Comparison of the bacterial isolates and antibiotic resistance patterns of elderly nursing home and general community patients

Authors


  • Funding: None.

  • Conflict of interest: None.

  • A summary of the results was presented at the Annual Scientific Meeting of the Australasian College for Emergency Medicine in Melbourne, Australia on 18 November 2009.

David McD. Taylor, Emergency Department, Austin Health, PO Box 5555, Heidelberg, Vic. 3084, Australia. Email: david.taylor@austin.org.au

Abstract

Background:  Nursing home-acquired infections may differ from general community-acquired infections in bacteriology and antibiotic resistance. However, there are currently limited data on this topic in the Australian setting.

Aims:  To compare bacterial isolates and antibiotic resistance patterns, from pathology specimens of nursing home and community patients, and to comment on the suitability of empiric antibiotic guidelines for nursing home-acquired infection.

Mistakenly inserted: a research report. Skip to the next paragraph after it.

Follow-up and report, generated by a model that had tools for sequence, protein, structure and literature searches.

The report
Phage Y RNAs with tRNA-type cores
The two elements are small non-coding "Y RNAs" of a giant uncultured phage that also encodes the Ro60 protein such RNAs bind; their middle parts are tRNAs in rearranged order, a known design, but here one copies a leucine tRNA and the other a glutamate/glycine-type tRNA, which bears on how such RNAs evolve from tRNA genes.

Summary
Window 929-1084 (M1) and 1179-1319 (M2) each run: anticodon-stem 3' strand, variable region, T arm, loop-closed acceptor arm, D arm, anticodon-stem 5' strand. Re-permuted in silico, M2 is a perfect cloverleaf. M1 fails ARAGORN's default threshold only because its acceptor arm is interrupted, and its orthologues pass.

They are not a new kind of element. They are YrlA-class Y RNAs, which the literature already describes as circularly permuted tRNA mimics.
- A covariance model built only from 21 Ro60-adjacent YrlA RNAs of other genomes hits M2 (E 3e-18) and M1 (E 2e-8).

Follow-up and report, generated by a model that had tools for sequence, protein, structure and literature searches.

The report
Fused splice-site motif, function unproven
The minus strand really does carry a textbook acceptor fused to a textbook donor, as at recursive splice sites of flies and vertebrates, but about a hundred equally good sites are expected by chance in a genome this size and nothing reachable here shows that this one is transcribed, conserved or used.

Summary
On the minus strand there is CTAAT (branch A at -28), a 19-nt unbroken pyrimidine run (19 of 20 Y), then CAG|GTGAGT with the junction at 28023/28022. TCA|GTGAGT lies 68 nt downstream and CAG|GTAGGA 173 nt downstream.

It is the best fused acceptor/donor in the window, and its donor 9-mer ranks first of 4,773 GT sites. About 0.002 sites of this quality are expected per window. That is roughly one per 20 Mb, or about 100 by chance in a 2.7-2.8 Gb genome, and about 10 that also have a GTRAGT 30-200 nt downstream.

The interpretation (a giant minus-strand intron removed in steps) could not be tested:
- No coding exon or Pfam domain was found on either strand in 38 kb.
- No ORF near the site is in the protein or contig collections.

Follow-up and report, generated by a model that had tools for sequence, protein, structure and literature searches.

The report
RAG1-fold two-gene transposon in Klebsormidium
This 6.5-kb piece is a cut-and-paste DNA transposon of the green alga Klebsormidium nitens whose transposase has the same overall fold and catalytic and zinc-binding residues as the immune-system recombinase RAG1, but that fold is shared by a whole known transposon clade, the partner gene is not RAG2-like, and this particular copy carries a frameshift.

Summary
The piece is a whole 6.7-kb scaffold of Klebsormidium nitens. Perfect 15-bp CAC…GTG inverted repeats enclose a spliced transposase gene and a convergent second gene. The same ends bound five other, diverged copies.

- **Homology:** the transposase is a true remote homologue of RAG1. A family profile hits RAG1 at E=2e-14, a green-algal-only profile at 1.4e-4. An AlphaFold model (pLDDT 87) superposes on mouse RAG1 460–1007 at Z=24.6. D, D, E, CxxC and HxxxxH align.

Methods:  This was a retrospective cohort study of patients, aged ≥65 years, who resided in either nursing homes or the general community. Patients with a hospital admission in the previous 28 days were excluded. Positive specimen cultures, collected between July 2003 and June 2008 in the Emergency Department and Outpatient Clinics of the Austin Hospital (Melbourne), were examined. The main outcome measures were the bacterial isolates, and their antibiotic resistance patterns, of patients from nursing homes and the general community.

Results:  Specimens of blood (638), sputum (425), urine (4044) and wound cultures (785) were examined. The bacteriology of blood culture isolates did not differ between the two groups (P= 0.3). However, the bacteriology of sputum, urine and wound cultures differed significantly between the groups (P= 0.025, P < 0.001, P= 0.004 respectively). There were also higher proportions of antibiotic resistance among some bacteria in nursing home patients, especially methicillin resistance among Staphylococcus aureus isolates across all specimen types, and resistance to several empiric antibiotics among Enterobacteriaceae isolates in urine cultures.

Conclusion:  Empiric antibiotic guidelines appear adequate to treat nursing home-acquired septicaemia and pneumonia. However, guidelines for urinary tract infections and wound infections may need to be refined.

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